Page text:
Bunloit, Loch Ness, Scotland.
On the slopes of Meall Fuar-Mhonaidh, the heather waved gently in the wind. The Gaelic name translates to ‘hill of the cold slopes’, slopes covered with a vegetation that was so typical for the highlands. Together with the signature Scottish weather, it accompanied me on my way to the top. Although it was an august day, not many tourists find their way up there.
After indulging in that ‘top of the hill’ moment for a while, I descended a bit. Going up and down on previously walked subsequent hills, until I found a spot guarded from the wind, overlooking the Scottish backland. I folded myself down between my feet on the moorland hill.
Whenever I find myself in a place that deeply resonates with me, I try to live as slowly as possible. A place like this. All around me the wind was playing with the grass and the heather, making wrinkles in the small ponds covering the hinterland. A landscape of hills and mountains, so typical and so familiar in strange ways. It had the habit of reminding me of lands further north.
Small bees and other insects flew around my feet, completely careless about my presence. Maybe because my feet (and honestly my legs too) were covered in a healthy layer of highland mud. The result of a good 10 centimetres of soil trying to slide down between hills while I was trying to sneak past.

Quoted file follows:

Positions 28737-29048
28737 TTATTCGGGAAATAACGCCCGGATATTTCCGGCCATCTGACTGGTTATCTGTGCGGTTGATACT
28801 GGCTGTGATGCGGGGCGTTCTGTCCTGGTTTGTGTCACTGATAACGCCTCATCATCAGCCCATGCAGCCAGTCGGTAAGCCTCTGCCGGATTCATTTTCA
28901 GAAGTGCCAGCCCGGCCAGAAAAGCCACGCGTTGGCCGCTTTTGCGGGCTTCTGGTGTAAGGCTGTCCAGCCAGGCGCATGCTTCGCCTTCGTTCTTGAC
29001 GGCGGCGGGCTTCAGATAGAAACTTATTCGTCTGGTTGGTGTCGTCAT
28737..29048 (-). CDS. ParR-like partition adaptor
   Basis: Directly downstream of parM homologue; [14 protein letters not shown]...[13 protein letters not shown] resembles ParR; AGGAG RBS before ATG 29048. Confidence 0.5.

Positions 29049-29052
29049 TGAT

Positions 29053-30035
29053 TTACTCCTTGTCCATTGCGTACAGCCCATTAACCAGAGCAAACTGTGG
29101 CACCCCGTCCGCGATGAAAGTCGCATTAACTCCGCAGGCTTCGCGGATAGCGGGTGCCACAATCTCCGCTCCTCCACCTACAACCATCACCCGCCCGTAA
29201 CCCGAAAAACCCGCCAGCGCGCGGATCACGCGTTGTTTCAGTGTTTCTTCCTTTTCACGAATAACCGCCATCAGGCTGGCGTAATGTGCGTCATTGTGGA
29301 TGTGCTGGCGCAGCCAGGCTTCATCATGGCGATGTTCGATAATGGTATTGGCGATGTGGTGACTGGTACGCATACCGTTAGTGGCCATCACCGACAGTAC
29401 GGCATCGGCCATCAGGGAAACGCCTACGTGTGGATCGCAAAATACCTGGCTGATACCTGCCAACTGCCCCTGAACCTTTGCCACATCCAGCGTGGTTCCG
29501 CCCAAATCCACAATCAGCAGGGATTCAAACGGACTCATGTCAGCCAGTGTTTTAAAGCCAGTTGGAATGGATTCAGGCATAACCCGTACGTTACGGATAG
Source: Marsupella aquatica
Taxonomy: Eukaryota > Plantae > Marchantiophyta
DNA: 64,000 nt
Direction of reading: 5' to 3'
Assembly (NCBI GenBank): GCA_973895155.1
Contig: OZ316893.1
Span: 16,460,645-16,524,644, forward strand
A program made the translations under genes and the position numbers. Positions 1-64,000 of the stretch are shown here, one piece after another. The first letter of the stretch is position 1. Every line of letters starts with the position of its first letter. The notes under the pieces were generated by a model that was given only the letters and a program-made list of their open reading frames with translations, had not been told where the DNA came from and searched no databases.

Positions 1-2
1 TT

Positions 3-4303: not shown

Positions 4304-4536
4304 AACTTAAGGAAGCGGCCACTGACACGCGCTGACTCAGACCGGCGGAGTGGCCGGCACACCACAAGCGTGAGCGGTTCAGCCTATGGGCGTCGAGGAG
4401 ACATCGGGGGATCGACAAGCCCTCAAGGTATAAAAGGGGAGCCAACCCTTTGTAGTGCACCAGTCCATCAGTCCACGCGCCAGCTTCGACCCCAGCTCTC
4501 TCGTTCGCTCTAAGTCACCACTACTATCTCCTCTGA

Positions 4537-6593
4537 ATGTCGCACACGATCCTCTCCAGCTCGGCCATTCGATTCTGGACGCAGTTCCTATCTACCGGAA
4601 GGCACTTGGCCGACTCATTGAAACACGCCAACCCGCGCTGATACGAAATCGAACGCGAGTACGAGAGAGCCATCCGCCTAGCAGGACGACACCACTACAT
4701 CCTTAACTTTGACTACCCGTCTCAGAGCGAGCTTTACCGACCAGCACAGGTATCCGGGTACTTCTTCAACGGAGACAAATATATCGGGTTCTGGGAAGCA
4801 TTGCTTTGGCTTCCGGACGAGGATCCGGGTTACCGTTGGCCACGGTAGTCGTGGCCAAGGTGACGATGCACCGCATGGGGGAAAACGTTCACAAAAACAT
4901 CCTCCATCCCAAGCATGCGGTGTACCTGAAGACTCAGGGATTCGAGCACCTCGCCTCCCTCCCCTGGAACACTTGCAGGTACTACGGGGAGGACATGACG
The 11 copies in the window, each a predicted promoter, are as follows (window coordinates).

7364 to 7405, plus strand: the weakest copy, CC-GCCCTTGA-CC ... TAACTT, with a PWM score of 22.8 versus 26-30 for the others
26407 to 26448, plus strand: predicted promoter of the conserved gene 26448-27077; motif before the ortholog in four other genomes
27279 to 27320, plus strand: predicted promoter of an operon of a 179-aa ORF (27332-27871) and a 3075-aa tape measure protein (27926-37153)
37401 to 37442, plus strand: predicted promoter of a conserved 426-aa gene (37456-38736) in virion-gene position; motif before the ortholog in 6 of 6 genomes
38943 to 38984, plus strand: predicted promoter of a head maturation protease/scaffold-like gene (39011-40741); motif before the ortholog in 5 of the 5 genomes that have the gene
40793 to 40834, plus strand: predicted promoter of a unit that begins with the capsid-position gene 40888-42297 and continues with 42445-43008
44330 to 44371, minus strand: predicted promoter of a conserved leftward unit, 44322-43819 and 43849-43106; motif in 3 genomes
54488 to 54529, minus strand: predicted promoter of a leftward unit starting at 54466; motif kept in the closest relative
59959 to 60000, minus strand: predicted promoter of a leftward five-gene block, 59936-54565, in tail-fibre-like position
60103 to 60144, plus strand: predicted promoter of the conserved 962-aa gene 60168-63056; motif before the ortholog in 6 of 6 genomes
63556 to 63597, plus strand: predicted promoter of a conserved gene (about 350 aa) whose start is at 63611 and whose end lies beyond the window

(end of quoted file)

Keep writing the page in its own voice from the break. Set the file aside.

I sat there for a good half an hour, trying to make a mental imprint of every little detail. The colours of the hills, the smell of the wind, the touch of the atmosphere. Accompanied by a spectacular view over Loch Ness, I resumed the descend.
The way to the highest point above Loch Ness starts at a small carpark at the end of the road in Bunloit, next to ‘Loch Ness Clay Works Pottery and Café’, a cosy place for a pot of tea after the hike! Coming from Drumnadrochit, a swirling road will take straight up to the parking lot. The starting point is clearly marked with a ‘hill footpath’ sign.
The hike starts by taking you through birch and hazel woodland, up through open moorland. This rocky part up through the heather is already breathtakingly beautiful. After a while you will have to cross a high stile deer fence. Looking behind your back, you will can see Loch Ness already. A view that will keep expanding as you walk the muddy path up to the top. The open land will not only expose you to slippery mud, but also to the elements, dress appropriately!
After ascending a good 500 meters (and a false top), you will be rewarded by a full view over not only the full length of Loch Ness, but also over the whole Great Glen Fault, from Ben Nevis to Inverness.
The top stands at 699 meters high and it will take you anywhere between 1,5 and 2,5 hours to walk the 4,5 kilometres to the top. You then walk the same way back down. The walk is fairly easy and straightforward, but you still have to ascend 500 meters, so don’t take it lightly either.